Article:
Low tide. Umbrellas dot the beach
in shades of watermelon red, sky blue, and lemon yellow.
The sand bar, completely exposed, lies
like a long spoke poking out into the water.
The bay is warm enough to swim in.
A baby, trailed by its mother, crawls in the shallows,
dipping its nose in, then shaking
its head back and forth violently, like a dog.
The heads of fathers bob in the deeper water;
relaxed, they float on their backs, spout water,
and bellow like sea lions to make their children laugh.
A woman, thin, gray and frail,
is wheeled onto the beach in a deck chair;
an old sea bird, she flings her head back,
taking long, slow, deep breaths, grateful to simply be here.
The beach is casual, disorderly, adrift
in shifting dunes, blowing paper, and washed-up seaweed,
black, briny, and tangled, like mermaid’s hair.
Kites dip in the wind, balls are tossed back and forth,
fortifications go up and come back down again,
everyone doing something, if only to lie immobile
on bright towels and, like yesterday’s ad
for suntan lotion, brazenly worship the sun.
Yesterday, as the sun went down, we spread
a blanket on the sand bar and ate lobster rolls
to celebrate your birthday, almost come.
It was too windy to light a candle, even one,
but did you remember to wish for something?
Suddenly the light changed, turning grim, gray and wild,
as a storm blew toward Truro from Boston.
The tide reversed itself, the water ice-cold,
but you stripped down for a swim,
your long, slow, sure strokes taking you far out,
your head no bigger than the dot on the letter “i,”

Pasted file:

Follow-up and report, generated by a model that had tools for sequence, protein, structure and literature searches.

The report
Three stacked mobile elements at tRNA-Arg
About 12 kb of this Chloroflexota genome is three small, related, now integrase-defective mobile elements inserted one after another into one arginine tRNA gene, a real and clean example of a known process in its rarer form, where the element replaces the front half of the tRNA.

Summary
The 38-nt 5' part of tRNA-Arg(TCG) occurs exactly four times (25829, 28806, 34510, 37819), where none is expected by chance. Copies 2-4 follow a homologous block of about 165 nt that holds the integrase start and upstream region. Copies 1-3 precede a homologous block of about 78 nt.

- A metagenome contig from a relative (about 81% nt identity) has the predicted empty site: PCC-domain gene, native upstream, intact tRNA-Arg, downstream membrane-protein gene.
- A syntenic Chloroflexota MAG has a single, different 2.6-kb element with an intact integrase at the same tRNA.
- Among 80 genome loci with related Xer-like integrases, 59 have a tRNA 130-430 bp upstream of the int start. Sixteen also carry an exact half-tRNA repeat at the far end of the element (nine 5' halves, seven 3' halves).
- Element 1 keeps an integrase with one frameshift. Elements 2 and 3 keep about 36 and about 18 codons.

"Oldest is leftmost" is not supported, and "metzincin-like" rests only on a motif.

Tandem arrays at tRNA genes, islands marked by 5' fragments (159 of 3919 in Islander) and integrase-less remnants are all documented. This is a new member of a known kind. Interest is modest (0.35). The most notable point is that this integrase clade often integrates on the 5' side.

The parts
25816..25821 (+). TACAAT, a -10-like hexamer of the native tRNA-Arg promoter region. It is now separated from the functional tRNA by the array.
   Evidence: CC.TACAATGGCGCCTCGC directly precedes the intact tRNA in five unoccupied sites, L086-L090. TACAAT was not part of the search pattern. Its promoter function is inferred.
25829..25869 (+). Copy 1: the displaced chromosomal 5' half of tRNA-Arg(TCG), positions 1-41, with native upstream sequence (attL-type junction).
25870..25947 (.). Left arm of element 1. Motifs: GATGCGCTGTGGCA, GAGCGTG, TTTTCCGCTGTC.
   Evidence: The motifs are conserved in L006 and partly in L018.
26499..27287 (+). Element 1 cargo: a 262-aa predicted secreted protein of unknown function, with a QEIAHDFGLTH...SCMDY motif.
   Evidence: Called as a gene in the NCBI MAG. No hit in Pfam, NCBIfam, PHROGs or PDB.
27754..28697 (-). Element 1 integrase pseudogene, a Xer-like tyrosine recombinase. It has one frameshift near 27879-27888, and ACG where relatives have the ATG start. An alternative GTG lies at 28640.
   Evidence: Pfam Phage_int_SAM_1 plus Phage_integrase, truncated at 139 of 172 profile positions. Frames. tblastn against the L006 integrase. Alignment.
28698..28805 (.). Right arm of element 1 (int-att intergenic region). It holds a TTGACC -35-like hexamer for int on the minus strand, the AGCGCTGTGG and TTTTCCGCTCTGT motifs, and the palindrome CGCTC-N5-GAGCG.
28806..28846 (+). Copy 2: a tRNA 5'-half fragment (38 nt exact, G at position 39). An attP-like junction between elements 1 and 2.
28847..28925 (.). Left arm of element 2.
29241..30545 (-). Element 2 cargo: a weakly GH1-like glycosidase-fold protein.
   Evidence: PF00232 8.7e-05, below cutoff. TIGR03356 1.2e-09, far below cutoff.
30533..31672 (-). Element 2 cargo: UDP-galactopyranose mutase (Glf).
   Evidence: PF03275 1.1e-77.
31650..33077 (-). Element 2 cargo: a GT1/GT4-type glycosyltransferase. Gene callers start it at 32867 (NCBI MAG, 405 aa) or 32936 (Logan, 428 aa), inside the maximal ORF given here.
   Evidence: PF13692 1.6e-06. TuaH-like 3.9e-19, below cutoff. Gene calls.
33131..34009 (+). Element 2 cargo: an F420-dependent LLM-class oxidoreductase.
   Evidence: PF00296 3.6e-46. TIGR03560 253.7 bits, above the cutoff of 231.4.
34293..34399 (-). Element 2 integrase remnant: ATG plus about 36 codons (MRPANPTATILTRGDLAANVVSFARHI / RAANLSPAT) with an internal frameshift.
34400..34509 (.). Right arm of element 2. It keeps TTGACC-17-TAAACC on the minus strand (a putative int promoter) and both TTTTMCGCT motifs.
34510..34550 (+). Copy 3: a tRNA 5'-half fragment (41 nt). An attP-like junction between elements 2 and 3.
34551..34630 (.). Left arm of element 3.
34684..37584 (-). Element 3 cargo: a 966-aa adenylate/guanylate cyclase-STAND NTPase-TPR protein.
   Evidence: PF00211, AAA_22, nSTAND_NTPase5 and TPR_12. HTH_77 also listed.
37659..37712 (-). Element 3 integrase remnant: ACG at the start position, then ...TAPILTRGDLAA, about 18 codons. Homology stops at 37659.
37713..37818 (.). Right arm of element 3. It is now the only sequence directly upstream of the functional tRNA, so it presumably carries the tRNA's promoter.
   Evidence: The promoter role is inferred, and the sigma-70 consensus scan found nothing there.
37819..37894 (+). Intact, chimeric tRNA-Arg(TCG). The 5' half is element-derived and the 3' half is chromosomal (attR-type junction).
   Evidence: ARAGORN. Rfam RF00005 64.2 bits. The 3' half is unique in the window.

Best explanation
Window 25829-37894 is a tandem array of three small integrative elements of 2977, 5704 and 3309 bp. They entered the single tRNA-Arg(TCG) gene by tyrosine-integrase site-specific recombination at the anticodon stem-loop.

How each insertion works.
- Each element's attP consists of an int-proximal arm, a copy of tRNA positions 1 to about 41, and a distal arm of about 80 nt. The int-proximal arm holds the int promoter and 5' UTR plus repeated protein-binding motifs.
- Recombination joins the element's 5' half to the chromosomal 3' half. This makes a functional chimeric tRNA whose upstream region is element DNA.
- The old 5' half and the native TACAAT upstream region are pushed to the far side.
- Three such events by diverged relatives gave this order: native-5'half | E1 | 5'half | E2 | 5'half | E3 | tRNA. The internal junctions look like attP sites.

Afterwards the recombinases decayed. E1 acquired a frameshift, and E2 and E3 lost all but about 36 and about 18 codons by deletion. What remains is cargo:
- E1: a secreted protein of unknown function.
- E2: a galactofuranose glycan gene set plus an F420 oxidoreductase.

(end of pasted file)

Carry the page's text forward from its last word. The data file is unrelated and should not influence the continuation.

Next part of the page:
Celia and I retreating, wrapped in a beach towel.
At the horizon, you turned and swam back in,
barely beating the rain, and I let out the breath
I hadn’t known I was holding.
Today the light is just right for Sunday painters
or someone more serious, a Seurat or Cézanne
painting promenades and bathers over and over
with everyday titles like La Plage or Sur la Mer,
hoping to capture life’s moment with a few
brushstrokes of color. Yes, it’s easy after a few weeks here
to believe we know this place, to feel it’s ours,
but if we drew a picture in the sand and signed our names,
it would all be gone by tomorrow, the way we’ll be
when we pack the car at dawn and drive to Baltimore.
Still, three children do just that, raking out
giant letters and hieroglyphs in the sand,
unreadable at ground level but probably legible
from the tiny plane that ferries sightseers all day
back and forth from Provincetown to Buzzard’s Bay.
What? What do they say?
Climbing the steepest dune on all fours, a clumsy quadruped,
I can make them out, a few words, a date,
that defy, or underscore, the transience of our stay:
TRURO AUGUST I WE WERE HERE!
This article originally appeared in The New Criterion, Volume 14 Number 1, on page 39
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